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(Re)blogging and the Art of Added Value

In today’s world of rampant regurgiblogging what constitutes originality in a blog post? Should every post be completely original or is that goal essentially impossible? In virtually any niche you will need to go beyond what you simply think up on your own and have to link to others and (gasp!) possibly reblog in one form or another. So the question is: how do you do that and still add value for your readers? Here are three general approaches to blog writing that involve added value, but you will notice that two of these are not about purely “original” content!

1) Original Posts: Sure, there are blog posts you could call “original” articles. Usually, though, these means telling a personal narrative rather than discussing a current idea, topic or news item. Why? Because as soon as you are talking about news or anything outside of your personal life you will inevitably be repeating information. Still, this applies to a rather limited set of blogs and blogging styles or one-off articles.

2) Collections of Information: One of the best ways to add value for a reader is to collect information (whether in list format or otherwise) in one place. In this case the creative act comes not in the discovery but in the presentation of said information. Take the Discovery or History channels for example: they typically are not showing you anything you couldn’t find out in some obscure source or possibly even a textbook. Still, many of us don’t have time to research topics so we tune in to regularly scheduled programs for a dose of information on a particular topic. Is the information completely original? Not typically, but it is presented in a new and easily legible format.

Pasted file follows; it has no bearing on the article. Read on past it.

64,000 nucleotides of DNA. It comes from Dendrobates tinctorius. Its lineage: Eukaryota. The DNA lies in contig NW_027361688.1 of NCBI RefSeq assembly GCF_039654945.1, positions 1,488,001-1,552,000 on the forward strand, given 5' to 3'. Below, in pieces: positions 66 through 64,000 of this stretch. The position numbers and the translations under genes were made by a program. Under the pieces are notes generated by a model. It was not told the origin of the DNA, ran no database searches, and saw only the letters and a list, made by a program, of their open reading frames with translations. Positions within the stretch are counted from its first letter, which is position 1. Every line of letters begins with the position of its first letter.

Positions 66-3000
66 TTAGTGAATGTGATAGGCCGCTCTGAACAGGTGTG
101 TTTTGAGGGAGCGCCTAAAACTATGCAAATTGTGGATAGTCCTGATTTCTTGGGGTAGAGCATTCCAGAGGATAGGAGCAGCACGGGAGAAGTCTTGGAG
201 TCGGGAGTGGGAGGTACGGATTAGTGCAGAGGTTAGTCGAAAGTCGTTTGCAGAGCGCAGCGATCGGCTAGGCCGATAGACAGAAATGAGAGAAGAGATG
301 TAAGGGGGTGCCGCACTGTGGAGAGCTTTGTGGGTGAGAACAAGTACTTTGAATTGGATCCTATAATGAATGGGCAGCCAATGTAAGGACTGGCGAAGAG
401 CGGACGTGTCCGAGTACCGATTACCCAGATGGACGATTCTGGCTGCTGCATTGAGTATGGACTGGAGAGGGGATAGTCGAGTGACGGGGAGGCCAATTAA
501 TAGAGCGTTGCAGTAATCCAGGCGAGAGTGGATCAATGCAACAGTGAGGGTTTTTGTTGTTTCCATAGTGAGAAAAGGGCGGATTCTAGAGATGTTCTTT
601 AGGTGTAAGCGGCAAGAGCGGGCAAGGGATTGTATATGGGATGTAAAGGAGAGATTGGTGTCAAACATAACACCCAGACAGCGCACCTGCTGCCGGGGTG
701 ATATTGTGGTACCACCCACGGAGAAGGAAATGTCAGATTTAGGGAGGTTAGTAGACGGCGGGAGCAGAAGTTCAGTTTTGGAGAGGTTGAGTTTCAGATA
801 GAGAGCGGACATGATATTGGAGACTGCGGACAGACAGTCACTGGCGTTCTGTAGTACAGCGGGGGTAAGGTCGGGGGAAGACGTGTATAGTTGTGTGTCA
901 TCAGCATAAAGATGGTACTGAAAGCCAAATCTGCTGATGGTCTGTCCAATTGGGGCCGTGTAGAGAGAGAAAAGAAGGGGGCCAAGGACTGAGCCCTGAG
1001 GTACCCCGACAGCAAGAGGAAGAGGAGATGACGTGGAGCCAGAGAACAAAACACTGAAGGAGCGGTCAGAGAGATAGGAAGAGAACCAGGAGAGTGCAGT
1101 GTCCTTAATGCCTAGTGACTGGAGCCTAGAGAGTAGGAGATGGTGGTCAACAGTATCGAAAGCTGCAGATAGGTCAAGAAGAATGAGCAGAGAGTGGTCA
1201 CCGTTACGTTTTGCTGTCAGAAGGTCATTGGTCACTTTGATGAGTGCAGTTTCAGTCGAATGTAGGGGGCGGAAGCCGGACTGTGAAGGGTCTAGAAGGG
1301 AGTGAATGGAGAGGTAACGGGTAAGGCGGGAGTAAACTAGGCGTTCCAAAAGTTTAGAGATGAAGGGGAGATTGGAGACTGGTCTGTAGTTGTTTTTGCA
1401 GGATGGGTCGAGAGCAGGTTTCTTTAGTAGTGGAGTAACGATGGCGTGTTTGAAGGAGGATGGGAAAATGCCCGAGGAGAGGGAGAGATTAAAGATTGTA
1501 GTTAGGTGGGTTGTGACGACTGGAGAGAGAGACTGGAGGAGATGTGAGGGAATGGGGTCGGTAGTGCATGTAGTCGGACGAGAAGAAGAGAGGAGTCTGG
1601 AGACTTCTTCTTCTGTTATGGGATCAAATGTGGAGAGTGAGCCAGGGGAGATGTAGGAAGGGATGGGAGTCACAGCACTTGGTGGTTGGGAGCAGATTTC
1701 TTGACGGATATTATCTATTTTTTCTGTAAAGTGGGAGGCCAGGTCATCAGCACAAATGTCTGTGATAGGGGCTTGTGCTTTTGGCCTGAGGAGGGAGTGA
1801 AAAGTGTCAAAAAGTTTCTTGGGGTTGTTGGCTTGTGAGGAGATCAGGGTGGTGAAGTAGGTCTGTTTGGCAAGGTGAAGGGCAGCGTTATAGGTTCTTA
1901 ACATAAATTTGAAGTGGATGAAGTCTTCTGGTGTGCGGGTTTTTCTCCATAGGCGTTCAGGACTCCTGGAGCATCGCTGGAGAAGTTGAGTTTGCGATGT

3) Connecting Readers to Resources: A great way to bring value to your readers is to bring your readers to other resources that they value. This is often something that is done in conjunction with the above strategy. You can create an article collecting a variety of information on a single topic and link intelligently so that readers can learn more about the specific aspect of that topic that they are interested in. Again, you aren’t creating entirely original content but you may be pointing readers to other original (or not!) content in a unique way.

So, while it might not be terribly useful to simple reword what someone else writes about on another blog you can add value without being the first and only person to know about something. The question you should always ask yourself, though, is whether what you are doing adds value for your readers – whether it gives them something that they couldn’t find (at least not as easily, quickly and legibly) somewhere else.

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